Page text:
Employee engagement

Many businesses are leaner than ever, yet highly effective management is required to compete in today’s world. It is imperative that effective management and management practices are consistent throughout your organization.

Without consistency in management, underperformance will be the norm.

It doesn’t have to be this way, however. Many companies today are producing strong profits on flat revenues. They have found ways to increase efficiencies and create positive momentum.

How do they do it? You can bet that it involves engaging employees at every level of the organization. Let’s look at one example of how this works.

Teach every employee to be a stakeholder

Recently I facilitated a quarterly operational planning meeting with a long-term client. This is a company that produced record profits on flat revenues during the recession.

Operationally, this organization is really dialed in. They’ve got a fun corporate culture, they work hard, and most, if not all employees, understand how their contributions affect the company’s financial performance.

Not coincidentally, a characteristic of their corporate culture is to educate talented employees about how the business works and creates a profit. In other words, they teach people how business works whether they are managers or not.

The leadership team works hard to create an employee team that is aware of the connection between individual actions and attitudes, and the company’s financial results. They are very effective. Let me give you an example: a technical engineer was participating in the Quarterly Operational Planning Meeting for the first time. We were reviewing results for each profit center (and each department within each profit center). When we evaluated the technical support team’s performance, this engineer spontaneously took the floor and shared, with the leadership team, her thoughts on turning technical support into a profit center while maintaining the primary focus of providing a superior customer experience.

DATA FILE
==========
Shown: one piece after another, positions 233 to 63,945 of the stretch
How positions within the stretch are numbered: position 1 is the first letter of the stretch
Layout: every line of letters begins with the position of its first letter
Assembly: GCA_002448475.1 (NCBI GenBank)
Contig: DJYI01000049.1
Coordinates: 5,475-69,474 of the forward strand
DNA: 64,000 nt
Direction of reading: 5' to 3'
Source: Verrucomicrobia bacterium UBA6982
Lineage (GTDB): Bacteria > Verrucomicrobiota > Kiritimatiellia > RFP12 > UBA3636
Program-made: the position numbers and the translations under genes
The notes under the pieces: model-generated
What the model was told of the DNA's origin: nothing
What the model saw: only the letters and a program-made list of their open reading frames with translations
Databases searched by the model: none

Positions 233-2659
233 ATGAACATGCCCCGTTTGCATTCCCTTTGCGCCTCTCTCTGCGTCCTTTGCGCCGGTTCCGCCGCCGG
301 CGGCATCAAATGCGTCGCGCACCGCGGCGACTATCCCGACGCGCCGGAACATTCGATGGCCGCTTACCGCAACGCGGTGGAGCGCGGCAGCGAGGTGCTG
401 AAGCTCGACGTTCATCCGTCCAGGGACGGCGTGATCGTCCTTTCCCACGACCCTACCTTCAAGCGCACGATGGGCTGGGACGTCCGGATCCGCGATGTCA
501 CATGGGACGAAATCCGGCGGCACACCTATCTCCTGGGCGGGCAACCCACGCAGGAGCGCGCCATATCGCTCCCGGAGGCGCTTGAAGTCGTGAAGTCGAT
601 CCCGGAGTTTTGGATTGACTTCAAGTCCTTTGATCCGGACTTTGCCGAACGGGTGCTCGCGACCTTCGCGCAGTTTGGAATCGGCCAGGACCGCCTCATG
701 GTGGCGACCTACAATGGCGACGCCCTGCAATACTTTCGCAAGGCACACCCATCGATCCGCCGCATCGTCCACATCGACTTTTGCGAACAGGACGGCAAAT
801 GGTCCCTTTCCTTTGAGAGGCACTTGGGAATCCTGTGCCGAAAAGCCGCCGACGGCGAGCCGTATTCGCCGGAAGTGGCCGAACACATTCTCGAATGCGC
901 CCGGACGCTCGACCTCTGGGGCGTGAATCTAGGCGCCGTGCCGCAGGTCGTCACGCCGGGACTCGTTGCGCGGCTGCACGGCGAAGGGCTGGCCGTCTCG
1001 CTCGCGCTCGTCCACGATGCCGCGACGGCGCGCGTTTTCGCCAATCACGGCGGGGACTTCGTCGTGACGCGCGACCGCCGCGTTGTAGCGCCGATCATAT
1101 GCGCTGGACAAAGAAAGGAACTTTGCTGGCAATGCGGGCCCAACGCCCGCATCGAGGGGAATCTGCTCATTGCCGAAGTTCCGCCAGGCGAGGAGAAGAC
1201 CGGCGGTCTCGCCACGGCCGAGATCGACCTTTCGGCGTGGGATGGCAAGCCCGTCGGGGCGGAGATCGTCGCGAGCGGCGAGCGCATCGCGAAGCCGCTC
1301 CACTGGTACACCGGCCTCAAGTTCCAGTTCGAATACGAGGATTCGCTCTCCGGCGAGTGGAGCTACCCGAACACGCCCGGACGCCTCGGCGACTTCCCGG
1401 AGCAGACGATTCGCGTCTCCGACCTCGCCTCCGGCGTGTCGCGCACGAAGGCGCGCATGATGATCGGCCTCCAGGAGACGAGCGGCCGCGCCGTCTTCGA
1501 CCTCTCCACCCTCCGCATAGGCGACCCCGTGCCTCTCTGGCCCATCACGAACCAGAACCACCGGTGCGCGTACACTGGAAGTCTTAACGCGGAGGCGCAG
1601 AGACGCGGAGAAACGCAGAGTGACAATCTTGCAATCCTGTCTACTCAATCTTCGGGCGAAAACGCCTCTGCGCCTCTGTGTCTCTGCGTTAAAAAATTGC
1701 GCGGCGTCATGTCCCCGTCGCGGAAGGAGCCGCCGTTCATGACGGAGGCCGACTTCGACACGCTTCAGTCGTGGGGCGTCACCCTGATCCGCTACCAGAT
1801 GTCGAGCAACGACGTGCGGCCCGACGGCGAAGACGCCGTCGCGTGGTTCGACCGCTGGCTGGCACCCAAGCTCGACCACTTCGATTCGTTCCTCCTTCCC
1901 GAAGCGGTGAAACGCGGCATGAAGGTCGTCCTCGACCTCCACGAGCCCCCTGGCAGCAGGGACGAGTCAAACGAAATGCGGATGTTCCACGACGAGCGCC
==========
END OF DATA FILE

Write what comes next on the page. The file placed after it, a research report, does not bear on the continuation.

This engineer (a non-manager) knew her department’s performance numbers (key performance measures). She knew how their KPM’s affected subscription renewal rates. She knew how renewal rates affected revenue, and she knew the gross profit generated for every dollar of revenue.

In short, she understood the operational/financial connection between how quickly her department answered the phone, addressed the customer’s issue, and how that affected revenue and gross profit. To top that, she presented a viable proposal for retaining high customer satisfaction and maintenance renewal rates while creating a new profit center for the company.

This is the new normal

Look around you. Can you picture this happening in your organization? If not, then it’s time to change.

The good news is that this can be the new normal in your organization. What’s needed is to shake loose the apathy that’s typical in so many companies.

Change the way you manage and educate people to help them connect the operational and financial dots. Help them see how their contributions affect the bottom line.

Remember, there is an undeniable connection between a well-managed company and profitable growth.

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